If we consider spoken language as a complex linear system, we will be able to use it as a pretty good standard for understanding individual psychology as well as interpersonal communication.
All words have words associated with them. Though we all share many of the same word-associations (coffee/beverage; booze/drunk; etc.), we also all have an abundance of word associations that belong only to us. I suppose this is fairly obvious, though I am not so sure it is well enough appreciated.
For example, we all know that coffee is a beverage and that booze can make people drunk, but beyond that each one of us has many other associations connected with these words, unique associations that have been gathered through years of experience. You may have pleasant associations with coffee and unpleasant ones with booze, or it could be the other way around. You may visualize the Caribbean when you think of either of these words, or Alaska. As the associations become richer and get further from the word that generated them, the psycholinguistic network they create will become increasingly complex.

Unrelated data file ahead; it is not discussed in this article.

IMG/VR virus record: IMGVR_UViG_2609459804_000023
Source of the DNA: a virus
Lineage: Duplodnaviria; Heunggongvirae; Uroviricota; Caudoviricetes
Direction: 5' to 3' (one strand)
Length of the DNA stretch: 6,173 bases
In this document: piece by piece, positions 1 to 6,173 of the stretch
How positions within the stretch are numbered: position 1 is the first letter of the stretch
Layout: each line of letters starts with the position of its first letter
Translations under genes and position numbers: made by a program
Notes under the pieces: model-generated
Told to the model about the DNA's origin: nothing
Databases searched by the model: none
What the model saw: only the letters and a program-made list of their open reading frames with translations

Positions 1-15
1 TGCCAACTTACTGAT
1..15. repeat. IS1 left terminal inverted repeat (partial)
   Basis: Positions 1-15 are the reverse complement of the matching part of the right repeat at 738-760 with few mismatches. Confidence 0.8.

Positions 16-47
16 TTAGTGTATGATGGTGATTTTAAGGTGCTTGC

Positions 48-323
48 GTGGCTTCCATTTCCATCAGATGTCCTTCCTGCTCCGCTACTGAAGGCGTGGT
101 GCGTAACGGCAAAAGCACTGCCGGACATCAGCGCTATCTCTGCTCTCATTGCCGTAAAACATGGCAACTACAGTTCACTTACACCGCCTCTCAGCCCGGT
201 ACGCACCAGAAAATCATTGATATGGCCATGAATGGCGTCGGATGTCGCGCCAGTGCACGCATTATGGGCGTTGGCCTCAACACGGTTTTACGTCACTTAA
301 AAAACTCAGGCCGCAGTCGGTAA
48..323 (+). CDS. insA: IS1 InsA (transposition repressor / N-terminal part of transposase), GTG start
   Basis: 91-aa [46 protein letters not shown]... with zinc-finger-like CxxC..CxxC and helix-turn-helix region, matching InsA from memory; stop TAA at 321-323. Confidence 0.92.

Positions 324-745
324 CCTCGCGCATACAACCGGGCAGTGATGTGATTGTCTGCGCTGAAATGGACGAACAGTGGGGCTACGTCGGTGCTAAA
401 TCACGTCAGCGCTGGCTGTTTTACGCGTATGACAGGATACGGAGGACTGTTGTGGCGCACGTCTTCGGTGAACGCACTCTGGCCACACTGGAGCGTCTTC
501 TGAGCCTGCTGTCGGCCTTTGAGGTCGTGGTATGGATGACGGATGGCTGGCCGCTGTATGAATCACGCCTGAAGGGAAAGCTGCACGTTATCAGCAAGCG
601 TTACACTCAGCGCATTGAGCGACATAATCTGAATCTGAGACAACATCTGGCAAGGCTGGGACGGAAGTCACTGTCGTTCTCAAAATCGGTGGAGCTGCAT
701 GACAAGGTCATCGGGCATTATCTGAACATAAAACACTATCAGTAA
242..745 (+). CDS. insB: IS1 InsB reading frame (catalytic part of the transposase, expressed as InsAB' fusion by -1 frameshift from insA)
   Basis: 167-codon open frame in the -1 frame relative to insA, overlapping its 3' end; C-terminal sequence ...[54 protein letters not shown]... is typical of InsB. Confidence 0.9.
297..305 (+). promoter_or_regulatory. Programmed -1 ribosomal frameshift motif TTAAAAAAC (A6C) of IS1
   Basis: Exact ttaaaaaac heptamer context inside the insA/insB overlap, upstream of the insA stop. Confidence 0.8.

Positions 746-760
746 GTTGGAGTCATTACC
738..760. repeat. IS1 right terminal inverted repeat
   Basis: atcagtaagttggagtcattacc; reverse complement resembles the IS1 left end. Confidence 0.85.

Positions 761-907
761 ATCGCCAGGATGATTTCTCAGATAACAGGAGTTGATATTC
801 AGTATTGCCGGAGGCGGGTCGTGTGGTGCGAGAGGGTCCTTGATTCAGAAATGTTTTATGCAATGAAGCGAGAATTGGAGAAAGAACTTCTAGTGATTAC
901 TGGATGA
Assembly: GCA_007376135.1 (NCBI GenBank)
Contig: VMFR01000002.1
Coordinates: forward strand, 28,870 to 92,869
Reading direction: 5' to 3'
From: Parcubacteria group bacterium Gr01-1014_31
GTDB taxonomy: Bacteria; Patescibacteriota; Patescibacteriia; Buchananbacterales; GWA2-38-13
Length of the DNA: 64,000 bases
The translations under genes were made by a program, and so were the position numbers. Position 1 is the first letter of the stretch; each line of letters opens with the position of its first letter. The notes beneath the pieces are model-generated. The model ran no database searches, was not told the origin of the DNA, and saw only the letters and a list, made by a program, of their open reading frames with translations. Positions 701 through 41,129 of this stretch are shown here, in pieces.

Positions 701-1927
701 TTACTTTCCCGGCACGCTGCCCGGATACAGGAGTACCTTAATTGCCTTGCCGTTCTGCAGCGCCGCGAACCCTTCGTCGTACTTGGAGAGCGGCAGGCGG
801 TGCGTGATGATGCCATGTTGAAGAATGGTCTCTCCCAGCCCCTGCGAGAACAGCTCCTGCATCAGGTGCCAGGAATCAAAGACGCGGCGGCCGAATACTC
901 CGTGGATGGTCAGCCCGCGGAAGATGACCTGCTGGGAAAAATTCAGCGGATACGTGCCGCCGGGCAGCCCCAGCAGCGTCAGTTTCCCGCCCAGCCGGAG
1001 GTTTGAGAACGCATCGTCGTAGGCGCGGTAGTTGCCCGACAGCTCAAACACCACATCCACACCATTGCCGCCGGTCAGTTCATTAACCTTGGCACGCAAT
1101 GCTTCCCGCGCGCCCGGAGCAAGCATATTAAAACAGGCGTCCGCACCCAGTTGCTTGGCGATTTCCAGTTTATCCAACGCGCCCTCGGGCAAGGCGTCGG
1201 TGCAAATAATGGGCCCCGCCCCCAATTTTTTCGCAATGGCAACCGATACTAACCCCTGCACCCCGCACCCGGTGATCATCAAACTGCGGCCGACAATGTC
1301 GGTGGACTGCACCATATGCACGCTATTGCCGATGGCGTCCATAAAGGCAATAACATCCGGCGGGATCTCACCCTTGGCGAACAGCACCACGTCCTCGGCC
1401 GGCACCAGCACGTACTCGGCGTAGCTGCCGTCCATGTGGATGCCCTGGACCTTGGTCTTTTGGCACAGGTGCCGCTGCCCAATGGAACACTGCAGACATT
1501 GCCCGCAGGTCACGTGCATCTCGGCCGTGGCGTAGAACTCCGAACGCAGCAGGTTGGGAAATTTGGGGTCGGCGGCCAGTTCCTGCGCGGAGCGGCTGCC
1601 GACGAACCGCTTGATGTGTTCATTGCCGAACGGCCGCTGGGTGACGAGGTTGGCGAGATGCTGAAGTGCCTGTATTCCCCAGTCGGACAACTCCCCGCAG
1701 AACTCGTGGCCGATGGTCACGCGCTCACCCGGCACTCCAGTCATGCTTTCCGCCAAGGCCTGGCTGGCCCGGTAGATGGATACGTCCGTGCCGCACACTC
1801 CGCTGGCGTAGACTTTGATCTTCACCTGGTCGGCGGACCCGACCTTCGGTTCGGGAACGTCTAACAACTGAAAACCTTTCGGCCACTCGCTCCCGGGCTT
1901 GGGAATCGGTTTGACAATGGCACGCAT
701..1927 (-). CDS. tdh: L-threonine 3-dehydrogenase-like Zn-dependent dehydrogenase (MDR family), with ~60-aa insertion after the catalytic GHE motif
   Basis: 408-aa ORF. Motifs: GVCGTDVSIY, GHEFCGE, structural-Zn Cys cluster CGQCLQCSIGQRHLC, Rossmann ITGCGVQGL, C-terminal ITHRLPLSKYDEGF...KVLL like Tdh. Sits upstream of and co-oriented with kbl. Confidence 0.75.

If we could put diagrams of these associative networks on paper–including all of the images and feelings that go with them–I am sure that each person would be uniquely identifiable from just a few of them, in much the same way that we can be identified from our fingerprints. No two of us are alike in how we use and understand language.
The ways in which words, phrases, word-associations, gestures, tones of voice, expressions, dramatic poses, and so on strike each one of us are unique. This point is more than touched upon by an Emory University study, Metaphorically feeling: Comprehending textural metaphors activates somatosensory cortex, that demonstrates that “texture-selective somatosensory cortex in the parietal operculum is activated when processing sentences containing textural metaphors.”
What this means is that when people hear a tactile metaphor (soft as silk), the brain responds, at least in part, as if the person is feeling silk. I would contend that this and similar sorts of extended responses within the brain (and body) are a huge part of virtually all interpersonal communication. In this context, what FIML does is allow partners to access these deep associations and sort them out rationally without becoming lost in different associative versions of the “same” linguistic event.
FIML does not have to always depend on language, but it helps to bring it back to the actual words spoken as much as possible because the other sorts of associations and emotions that are generated during speech events are simply too complex to sort out without a stable reference point most of the time. Actual short bits of speech provide partners with the best data that both can readily agree upon. The many associations that are connected to that short segment of speech are often a big part of the material of a FIML discussion.